A judge's decision Wednesday to uphold the new Pennsylvania voter identification law shifted attention to the state's highest court, which could now determine if the requirement will be imposed on Election Day.

Attorneys for the plaintiffs had asked the judge to stop the law from taking effect as part of a constitutional challenge. Their complaint claims the law would make it disproportionately harder for seniors, minorities and others to vote in the Nov. 6 general election.

A landmark federal law used to block the adoption of state voter identification cards and other election rules now faces unprecedented legal challenges.

A record five federal lawsuits filed this year challenge the constitutionality of a key provision in the Voting Rights Act. The 1965 statute prevents many state and local governments from enacting new voter ID requirements, redistricting plans and similar proposals on grounds that the changes would disenfranchise minorities.

When Pennsylvania officials begin their defense of the state's new voter identification law in court Wednesday, they will do so after agreeing to abandon a central argument for why such laws are needed.

In a Pennsylvania court filing, the state says it has never investigated claims of in-person voter fraud and so won't argue that such fraud has occurred in the past. As a result, the state says, it has no evidence that the crime has ever been committed.

Several presidential battleground states are moving quickly to reach agreements with federal officials to access a U.S. immigration database to purge noncitizens from voter rolls.

The states, including some with large Latino populations, are following Florida, which last week reached its own pact with the Department of Homeland Security to use a database that contains information about immigrants who are in the U.S. legally. The states' efforts had initially been blocked by DHS until the agency relented.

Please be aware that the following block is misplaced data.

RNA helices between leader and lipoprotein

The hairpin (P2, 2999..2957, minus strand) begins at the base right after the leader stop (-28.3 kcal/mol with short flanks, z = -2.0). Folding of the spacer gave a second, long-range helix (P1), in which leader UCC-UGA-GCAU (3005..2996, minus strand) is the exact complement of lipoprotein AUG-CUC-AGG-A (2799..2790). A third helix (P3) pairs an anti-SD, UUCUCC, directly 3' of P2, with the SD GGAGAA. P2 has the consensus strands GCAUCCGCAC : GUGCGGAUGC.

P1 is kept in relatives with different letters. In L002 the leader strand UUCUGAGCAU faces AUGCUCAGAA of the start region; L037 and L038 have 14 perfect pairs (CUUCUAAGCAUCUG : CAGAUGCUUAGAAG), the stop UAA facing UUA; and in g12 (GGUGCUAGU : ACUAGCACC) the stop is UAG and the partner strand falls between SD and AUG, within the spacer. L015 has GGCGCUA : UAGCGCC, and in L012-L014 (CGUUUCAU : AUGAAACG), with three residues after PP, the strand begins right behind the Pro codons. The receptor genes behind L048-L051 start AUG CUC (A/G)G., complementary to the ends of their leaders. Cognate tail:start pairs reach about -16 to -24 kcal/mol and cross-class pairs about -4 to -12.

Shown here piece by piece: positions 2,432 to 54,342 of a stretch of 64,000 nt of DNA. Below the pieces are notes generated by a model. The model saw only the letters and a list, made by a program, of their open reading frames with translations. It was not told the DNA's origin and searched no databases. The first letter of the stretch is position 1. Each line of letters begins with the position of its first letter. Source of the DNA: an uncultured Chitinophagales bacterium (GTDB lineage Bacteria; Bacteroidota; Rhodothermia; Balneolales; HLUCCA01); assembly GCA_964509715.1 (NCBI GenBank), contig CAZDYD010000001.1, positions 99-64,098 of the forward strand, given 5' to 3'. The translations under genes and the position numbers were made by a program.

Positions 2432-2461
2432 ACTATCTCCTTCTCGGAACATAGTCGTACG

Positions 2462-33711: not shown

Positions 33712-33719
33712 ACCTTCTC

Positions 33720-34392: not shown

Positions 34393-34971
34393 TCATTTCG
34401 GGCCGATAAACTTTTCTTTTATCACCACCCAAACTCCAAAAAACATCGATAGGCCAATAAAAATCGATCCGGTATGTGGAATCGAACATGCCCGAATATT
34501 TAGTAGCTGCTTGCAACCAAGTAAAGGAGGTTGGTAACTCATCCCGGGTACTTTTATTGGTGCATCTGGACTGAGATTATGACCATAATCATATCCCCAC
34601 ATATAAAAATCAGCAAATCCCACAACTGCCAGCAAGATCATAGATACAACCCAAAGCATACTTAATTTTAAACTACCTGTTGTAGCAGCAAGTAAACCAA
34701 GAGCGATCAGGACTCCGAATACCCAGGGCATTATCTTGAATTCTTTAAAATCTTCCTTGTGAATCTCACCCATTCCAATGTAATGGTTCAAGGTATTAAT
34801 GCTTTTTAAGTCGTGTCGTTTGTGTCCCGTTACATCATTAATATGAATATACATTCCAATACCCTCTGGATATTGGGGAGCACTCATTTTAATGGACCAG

President Obama's decision to publicly support same-sex marriage may have changed the minds of some Americans, according to a national poll. But in states that will vote on the issue in November, the impact has been mixed.

As hundreds of thousands swelter without power a week after a violent storm pummeled the Midwest and Mid-Atlantic, energy experts say the future will look even worse if the nation's aging, congested electrical grid isn't upgraded.

As Arizona officials prepare to apply the one provision of the state's immigration law upheld by the U.S. Supreme Court, some local authorities doubt they can properly enforce it.

"We will do our best to enforce the law. But we are in uncharted territory on this issue," Tucson Police Chief Roberto Villasenor said in a statement released by the Police Executive Research Forum, a nonprofit organization of police chiefs. The group says the law "will seriously undermine local law enforcement."

President Obama's decision to stop deporting young, otherwise law-abiding illegal immigrants could help rebuild his support among electorally important Latinos after 18 months of futile efforts, some activists said Friday.

"There is overwhelming support for the protection of these children, as there is in the rest of the country. I think this could have an energizing effect on Latino voters," says Clarissa Martinez del Castro, director of immigration and national campaigns for National Council of La Raza.

Florida Gov. Rick Scott is defending his effort to prevent non-U.S. citizens from voting in his state after the Justice Department filed a lawsuit to stop him on Tuesday.

Scott told NPR's Michel Martin on Tell Me More Wednesday that after learning his state didn't verify the citizenship status of registered voters, he's trying to ensure that the ballots of U.S. citizens aren't diminished: